There is a lot of information that’s wrong or not true out there about HIV – if you’ve heard anything that worries you, contact your health worker or AVERT. It’s good to gain confidence in your condition - tell your doctor if you don’t understand their jargon (complicated, scientific or medical words).
Taking your medication
The really important thing is to make sure that you feel able to take your medication properly. If you find this really hard, you’re not alone – and sometimes healthcare staff can make things worse by making you feel rubbish for ‘doing badly’ with your medication.
Many HIV-positive young people don’t experience problems with taking antiretroviral medication – they find it easy to remember, they feel no side-effects and they have no trouble working out how to fit taking their medication into their daily routine. Other people have found it difficult because:
- They experience side-effects like nausea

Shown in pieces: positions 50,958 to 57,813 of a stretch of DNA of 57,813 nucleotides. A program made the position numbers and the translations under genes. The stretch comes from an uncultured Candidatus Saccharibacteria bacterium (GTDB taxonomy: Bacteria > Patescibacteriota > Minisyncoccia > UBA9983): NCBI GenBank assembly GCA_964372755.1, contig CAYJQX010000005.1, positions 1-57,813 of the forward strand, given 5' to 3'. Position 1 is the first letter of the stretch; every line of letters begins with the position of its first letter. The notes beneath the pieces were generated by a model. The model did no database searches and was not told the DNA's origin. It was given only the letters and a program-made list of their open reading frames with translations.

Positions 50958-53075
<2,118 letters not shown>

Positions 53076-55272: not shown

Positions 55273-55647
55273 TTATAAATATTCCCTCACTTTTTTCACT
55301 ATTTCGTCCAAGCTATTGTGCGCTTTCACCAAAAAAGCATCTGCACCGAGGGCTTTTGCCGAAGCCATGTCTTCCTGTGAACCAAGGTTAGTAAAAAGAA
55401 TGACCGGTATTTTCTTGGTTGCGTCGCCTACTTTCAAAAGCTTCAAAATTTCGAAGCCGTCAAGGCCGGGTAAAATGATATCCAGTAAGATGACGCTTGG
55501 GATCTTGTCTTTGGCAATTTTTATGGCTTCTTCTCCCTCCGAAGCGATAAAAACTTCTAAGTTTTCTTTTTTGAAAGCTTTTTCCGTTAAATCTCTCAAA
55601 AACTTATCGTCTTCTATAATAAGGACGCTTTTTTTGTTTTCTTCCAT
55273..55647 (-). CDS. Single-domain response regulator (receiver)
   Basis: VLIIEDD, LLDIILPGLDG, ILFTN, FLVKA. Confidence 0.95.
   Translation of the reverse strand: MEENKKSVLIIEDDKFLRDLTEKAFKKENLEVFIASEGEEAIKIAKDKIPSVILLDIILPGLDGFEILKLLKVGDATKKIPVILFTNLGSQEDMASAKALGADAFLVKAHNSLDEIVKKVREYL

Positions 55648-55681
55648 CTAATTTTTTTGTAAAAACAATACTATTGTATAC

- They find that pills are difficult to swallow / medicines can taste horrible!
- They find that practical things like carrying medication, or water to swallow them, can be hard to remember.
“At first it was so hard to me ‘cause it made me feel so bad and sick too, but then I got used to it, I am now fine.” - 16 year old boy, Tanzania
It’s your healthcare provider’s job to help you to do this. Try to explain any difficulties you have faced with your medicine – even if it’s something like staying over at a friend’s house and taking the medication without them seeing - they may be able to give you some good advice.
When you first start taking your medication it can be good to practice with swallowing sweets.
“Growing up with HIV I didn't understand, ‘Why me?’ I also didn't understand why I had to take so much medication at the time. So at one point I stopped taking my medication. I would hide it under plants and things of that sort. My Levels were high, very high and if didn't move with my sister in law and brother I would be very, very sick.” - J.O. aged 19
To help you with your medication, Pozitude have developed an app that you can download if you have a smartphone, to help you remember to take your medication.
Eating healthily and good nutrition